Why Associated plugged in to community solar energy
At a time when banks need to trim any cost they can, especially at branches, solar power starts to look less like a purely feel-good PR move and more like a shrewd business decision.
Associated Banc-Corp. in Green Bay, Wis., recently subscribed to five solar gardens currently in development across Minnesota and Illinois. The subscription doesn’t cost the company anything, but it is expected to slash about 20%, or $57,000, off its annual electricity bill.
The $34 billion-asset Associated also says that by signing on to the solar array projects, it is supporting jobs in its markets and ensuring other residents have access to that renewable energy.
“One of the things that we really like about this is that it’s supporting the local community where we’re doing business,” said David Knight, director of facilities real estate. “We really like the fact that not only what they’re building will be in our backyard but the people building it are in our backyard as well.”
Solar power itself isn’t new to the banking industry. Many banks have installed on-site solar panels at branches or participated in virtual power purchase agreements to help offset some of their fossil fuel consumption.
But the solar garden is a fairly new concept, and it’s distinct from either on-site solar or power-purchase agreements. A solar garden is an array of solar panels owned by its developers and connected to a utility grid. The subscribers commit to a share of the electricity produced by the solar garden and receive a credit on their electric bill. The basic idea behind the solar garden is to allow any utility customers in a particular area access to renewable energy, regardless of whether they can install a solar panel on their own home.
In order for a solar garden to get built in the first place, it has to have subscribers, said Kristin Rivera, global workplace solutions sustainability and energy manager for the commercial real estate firm CBRE, which worked with Associated.
“If you’re subscribing your electricity to these gardens as an anchor tenant, it ensures the gardens are ever even developed,” she said. “You have to have a certain number of subscriptions.”
Associated will serve as an anchor tenant at one site in Big Lake, Minn., and another in Standard City, Ill., and be a smaller tenant of three other sites in those same states. Its subscription is tied to a total electric load of 5.8 million kilowatt hours each year across the five total solar gardens it’s subscribed to. That subscription will support 39 — or about 15% — of its branches in those two states and account for about 17% of the company’s total electricity usage. Nokomis Energy and U.S. Solar will develop and maintain the sites, and local utilities will deliver the energy.
Put another way, Associated’s subscription represents enough renewable energy to offset the carbon dioxide that would be absorbed by 233 million square feet of U.S. forest, Rivera said.
Riley Adams, a financial analyst at Google and former utility industry analyst, said that community solar programs have become more popular in recent years. He attributed that partly to state and local tax credits that support those programs, plus their accessibility to consumers who want to buy into renewable energy but can’t put a solar panel on their own roof.
“You’re seeing a lot more utilities explore the possibility of offering these community solar gardens to their customers because the costs are coming down with scale, and the industry is maturing,” he said.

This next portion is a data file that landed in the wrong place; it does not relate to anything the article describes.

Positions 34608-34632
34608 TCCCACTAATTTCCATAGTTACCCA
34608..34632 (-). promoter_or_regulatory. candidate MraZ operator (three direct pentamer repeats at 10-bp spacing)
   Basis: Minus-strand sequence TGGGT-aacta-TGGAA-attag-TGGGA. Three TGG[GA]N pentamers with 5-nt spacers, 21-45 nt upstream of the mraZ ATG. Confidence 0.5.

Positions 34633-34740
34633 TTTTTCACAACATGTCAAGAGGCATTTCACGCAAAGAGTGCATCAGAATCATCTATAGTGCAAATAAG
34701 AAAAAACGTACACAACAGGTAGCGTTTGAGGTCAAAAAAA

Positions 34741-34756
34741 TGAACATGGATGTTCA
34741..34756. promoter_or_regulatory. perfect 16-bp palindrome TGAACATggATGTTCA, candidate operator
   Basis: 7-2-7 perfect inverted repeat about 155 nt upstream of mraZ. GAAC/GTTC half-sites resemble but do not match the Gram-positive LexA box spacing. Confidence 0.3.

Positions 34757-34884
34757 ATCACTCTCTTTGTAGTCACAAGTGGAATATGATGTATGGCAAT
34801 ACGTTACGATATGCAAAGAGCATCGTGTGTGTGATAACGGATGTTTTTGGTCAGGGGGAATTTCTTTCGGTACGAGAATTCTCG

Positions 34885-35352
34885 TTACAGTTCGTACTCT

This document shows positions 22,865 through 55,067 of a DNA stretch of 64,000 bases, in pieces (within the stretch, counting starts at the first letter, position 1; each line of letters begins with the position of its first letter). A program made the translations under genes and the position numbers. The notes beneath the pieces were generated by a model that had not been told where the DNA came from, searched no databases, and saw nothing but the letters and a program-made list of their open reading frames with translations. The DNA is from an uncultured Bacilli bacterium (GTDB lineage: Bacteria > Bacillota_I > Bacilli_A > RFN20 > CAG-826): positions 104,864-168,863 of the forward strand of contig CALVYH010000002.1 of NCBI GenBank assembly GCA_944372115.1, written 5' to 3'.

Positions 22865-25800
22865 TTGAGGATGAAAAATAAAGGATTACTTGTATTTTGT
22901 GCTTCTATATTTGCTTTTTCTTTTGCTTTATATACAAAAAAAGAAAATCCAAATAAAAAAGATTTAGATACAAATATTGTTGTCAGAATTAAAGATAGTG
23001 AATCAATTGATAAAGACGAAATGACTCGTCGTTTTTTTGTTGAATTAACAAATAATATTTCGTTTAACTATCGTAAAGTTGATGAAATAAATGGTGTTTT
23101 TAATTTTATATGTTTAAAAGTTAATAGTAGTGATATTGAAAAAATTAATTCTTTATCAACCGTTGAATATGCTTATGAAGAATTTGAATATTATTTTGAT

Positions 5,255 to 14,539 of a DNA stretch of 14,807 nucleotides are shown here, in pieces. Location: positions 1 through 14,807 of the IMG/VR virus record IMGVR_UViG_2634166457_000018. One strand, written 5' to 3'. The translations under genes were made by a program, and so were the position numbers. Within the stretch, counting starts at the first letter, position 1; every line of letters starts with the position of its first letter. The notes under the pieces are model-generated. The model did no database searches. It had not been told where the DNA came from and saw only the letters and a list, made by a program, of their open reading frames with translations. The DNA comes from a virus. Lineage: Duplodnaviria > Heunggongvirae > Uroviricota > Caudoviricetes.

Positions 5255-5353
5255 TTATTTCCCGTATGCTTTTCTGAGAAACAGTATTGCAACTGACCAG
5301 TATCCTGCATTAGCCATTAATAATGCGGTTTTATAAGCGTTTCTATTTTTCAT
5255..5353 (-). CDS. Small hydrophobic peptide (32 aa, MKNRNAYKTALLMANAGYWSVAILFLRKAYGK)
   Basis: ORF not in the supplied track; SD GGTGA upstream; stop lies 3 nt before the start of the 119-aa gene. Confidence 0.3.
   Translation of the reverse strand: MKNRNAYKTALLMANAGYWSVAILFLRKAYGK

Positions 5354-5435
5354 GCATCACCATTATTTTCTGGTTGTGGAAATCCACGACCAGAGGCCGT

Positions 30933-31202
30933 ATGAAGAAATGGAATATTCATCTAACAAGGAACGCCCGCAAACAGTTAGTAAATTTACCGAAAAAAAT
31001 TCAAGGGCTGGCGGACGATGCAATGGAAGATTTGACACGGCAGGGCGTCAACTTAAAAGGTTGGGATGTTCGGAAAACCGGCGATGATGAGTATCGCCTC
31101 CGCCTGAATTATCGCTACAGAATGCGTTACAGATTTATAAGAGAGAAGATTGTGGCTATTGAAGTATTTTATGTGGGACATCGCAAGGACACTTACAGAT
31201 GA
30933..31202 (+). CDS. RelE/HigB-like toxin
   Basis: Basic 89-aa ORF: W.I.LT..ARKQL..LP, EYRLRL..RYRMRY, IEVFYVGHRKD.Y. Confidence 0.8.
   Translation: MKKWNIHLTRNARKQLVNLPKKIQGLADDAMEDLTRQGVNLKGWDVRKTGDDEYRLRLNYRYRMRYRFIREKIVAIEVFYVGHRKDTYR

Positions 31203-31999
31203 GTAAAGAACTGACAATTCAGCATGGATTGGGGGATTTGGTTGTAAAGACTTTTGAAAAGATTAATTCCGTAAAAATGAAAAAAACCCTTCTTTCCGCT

A solar garden Associated has subscribed to in Faribault, Minn., broke ground in June and should be operational in November. The Big Lake solar garden will begin construction next summer. Construction on the three Illinois solar gardens will begin in the fall, and they’re expected to come online in March 2021.
There are a few drawbacks to community solar garden programs. The biggest is that they usually involve a much longer contract term, typically around 20 to 25 years, Rivera said.
There can also be a “relatively small” penalty for terminating the agreement with a particular site, which could present an issue if the bank ever decides to close any of those branches, Knight said.
But the short-term cost savings were not the primary motive for subscribing to the solar gardens, he said. To be certain, the first-year cost savings of participating in the solar program represent less than 1% of the company’s total occupancy budget in 2019.
Rather, Associated sees participation in the community solar gardens as key to its broader environmental, social and governance strategy. For instance, the solar gardens will complement an LED lighting retrofit program it’s had in place since 2016. The company has so far retrofitted 166 sites under that program and estimates that it delivers an annual cost savings of about $500,000 compared with traditional electricity consumption.
Besides complementing the bank’s existing sustainability initiatives, the solar gardens also bring a renewable energy option to much smaller retail consumers in those markets.
Rivera said that having that added source of energy helps to stabilize the utility grid for smaller rural markets that often experience blackouts and brownouts. Additionally, the solar gardens are often placed on land leased out by local farmers looking to diversify their revenue or on brownfield sites that have limited development possibilities. And roughly 30 to 40 people will be employed to design and build the solar gardens.
“We collectively looked at all the financials. How would this look in five years if something changed, if a branch relocated or what have you?” she said. “And honestly, there’s very little risk in the longer term approach here.”
CORRECTION: An earlier version of this story, and the attached graphic, misstated the technicalities of how solar power subscriptions work. The details have been corrected.